Gerald D. Griffin, Ph.D
Location: Armstrong Hall 104
Office Phone: 334-727-8829

Biographical Sketch:

Dr. Gerald D. Griffin is a neurovirologist.  His research interests focus on the reciprocal interactions between neurotropic viruses and neurons.  He received the Ph.D. degree in Neuroscience from the University of Pennsylvania (UPENN) in 2009 where he concentrated in neuroendocrinology.  He completed postdoctoral training in the Department of Microbiology at UPENN where he focused on how Herpes Simplex Virus Type I alters neuronal gene expression.  Presently, Dr. Griffin leads the neurovirology laboratory at Tuskegee.  Here, he aims to dissect neural modifications induced by HSV-1 infection as well as to look at how neuropeptides regulate HSV-1 replication.

Research Fields:


  • Herpes Simplex Virus Type I Latency in Sensory Neurons
  • Reciprocal interactions between nervous system and viruses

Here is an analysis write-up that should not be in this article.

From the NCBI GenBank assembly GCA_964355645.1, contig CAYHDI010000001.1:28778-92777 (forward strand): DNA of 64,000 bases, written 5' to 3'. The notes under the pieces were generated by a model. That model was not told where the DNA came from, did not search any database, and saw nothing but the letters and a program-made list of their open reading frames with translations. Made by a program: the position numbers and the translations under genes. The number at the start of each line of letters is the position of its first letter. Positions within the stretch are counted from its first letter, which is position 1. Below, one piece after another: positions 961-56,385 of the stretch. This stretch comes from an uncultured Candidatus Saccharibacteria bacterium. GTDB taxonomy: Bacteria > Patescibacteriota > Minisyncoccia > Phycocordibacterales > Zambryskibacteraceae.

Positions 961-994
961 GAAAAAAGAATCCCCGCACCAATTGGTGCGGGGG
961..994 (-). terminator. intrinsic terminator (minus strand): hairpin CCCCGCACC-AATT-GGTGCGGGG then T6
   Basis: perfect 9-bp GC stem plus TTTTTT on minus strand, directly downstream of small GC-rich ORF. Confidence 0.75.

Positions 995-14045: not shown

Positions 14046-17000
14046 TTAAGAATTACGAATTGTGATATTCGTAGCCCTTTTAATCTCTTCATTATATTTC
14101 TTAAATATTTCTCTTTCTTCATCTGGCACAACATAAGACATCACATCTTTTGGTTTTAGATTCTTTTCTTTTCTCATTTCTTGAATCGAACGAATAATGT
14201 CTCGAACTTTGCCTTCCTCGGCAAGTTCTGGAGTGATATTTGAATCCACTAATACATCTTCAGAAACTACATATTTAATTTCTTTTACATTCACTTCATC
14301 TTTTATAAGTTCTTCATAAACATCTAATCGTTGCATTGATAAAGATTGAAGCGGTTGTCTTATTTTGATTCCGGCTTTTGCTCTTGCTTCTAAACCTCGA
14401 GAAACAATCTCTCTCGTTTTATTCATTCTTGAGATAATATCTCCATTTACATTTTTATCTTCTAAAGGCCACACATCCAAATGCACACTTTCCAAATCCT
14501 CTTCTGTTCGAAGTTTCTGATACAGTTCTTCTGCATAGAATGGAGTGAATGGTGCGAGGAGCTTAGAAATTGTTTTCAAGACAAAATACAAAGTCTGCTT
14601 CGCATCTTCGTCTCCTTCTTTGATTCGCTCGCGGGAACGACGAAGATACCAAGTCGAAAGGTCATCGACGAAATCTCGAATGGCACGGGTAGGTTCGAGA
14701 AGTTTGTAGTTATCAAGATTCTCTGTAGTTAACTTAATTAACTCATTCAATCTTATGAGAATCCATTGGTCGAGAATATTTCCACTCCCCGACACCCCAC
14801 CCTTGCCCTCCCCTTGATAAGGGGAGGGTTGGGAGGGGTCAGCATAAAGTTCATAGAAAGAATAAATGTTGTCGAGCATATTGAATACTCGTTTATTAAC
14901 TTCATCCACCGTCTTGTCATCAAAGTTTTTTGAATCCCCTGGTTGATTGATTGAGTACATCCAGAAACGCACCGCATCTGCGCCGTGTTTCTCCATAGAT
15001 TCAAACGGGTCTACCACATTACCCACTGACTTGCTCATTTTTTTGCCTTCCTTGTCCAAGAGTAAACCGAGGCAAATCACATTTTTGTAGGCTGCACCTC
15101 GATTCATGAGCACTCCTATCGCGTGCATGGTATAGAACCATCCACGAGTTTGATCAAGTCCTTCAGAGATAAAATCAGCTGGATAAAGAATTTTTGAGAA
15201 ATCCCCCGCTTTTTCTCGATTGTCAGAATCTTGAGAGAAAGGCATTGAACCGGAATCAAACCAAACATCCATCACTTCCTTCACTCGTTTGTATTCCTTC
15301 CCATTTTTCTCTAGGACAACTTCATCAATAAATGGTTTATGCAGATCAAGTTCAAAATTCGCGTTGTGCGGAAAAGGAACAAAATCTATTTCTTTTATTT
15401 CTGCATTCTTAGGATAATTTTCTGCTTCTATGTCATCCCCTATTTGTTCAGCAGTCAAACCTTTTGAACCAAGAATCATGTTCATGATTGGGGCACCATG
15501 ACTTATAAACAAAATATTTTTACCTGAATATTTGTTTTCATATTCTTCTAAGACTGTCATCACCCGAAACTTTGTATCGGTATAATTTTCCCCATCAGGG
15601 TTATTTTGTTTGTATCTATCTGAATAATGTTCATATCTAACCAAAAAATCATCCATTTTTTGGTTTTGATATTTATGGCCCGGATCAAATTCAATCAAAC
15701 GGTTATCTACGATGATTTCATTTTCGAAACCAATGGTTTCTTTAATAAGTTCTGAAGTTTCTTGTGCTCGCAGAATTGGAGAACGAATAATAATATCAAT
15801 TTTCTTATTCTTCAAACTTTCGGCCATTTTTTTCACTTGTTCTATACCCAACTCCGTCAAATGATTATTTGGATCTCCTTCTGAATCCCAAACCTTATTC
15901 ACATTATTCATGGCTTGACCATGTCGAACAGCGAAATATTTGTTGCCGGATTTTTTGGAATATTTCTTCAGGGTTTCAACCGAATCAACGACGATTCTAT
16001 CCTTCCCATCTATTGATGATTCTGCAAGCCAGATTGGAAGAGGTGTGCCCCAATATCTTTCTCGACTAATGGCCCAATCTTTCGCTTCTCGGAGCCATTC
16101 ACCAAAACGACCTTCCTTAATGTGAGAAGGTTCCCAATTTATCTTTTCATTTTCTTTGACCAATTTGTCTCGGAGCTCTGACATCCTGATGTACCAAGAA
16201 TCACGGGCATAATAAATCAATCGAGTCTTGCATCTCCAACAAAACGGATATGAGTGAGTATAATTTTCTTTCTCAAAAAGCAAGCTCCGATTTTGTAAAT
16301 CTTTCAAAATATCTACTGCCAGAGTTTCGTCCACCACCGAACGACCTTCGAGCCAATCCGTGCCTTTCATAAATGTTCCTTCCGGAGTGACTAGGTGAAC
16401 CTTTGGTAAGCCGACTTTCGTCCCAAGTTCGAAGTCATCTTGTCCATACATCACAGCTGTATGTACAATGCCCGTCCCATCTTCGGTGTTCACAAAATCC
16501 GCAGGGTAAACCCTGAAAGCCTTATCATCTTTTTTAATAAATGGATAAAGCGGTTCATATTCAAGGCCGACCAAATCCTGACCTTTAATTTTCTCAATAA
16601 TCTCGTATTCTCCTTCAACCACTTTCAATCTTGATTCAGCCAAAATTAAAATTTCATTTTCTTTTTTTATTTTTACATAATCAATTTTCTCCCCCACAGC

• Role of neurotropic viruses in brain tumors
  • Neurovirology, Behavioral neuroscience


  • Dr. Vishnu Suppiramaniam, Department of Pharmacal Sciences, Auburn University


1. Griffin GD, Flanagan-Cato LM. Ovarian hormone action in the hypothalamic ventromedial nucleus: remodelling to regulate reproduction. J Neuroendocrinology. 23:465-71. 2011.

2. Griffin GD, Ferri-Kolwicz S, Reyes BAS, Van Bockstaele EJ, Flanagan-Cato LM.  Ovarian hormone-induced reorganization of oxytocin-labeled dendrites and synapses lateral to the hypothalamic ventromedial nucleus in female rats. J. Comp. Neurol. 518: 4531-45. 2010.

3. Griffin GD, Flanagan-Cato LM. Sex differences in the dendritic arbor of hypothalamic ventromedial nucleus neurons. Physiol Behav. 97:151-6. 2009.

4. Griffin GD, Flanagan-Cato LM.  Estradiol and progesterone differentially regulate the dendritic arbor of neurons in the hypothalamic ventromedial nucleus of the female rat (Rattus norvegicus).  J. Comp. Neurol. 510:631-40. 2008.

5. Flanagan-Cato LM, Calizo LH, Griffin GD, Lee BJ, Whisner SY. Sexual behaviour induced the expression of activity-regulated cytoskeletal protein (ARC) and modifies neuronal morphology in the female rat ventromedial hypothalamus.  J. Neuroendocrinology. 18:857-64.  2006.

6. Jha SK, Jones BE, Coleman T, Steinmetz N, Law C-T, Griffin G, Hawk J, Dabbish N, Kalatsky V, Frank MG. Sleep-dependent plasticity requires cortical activity. J. Neurosci. 25: 9266-74.  2005.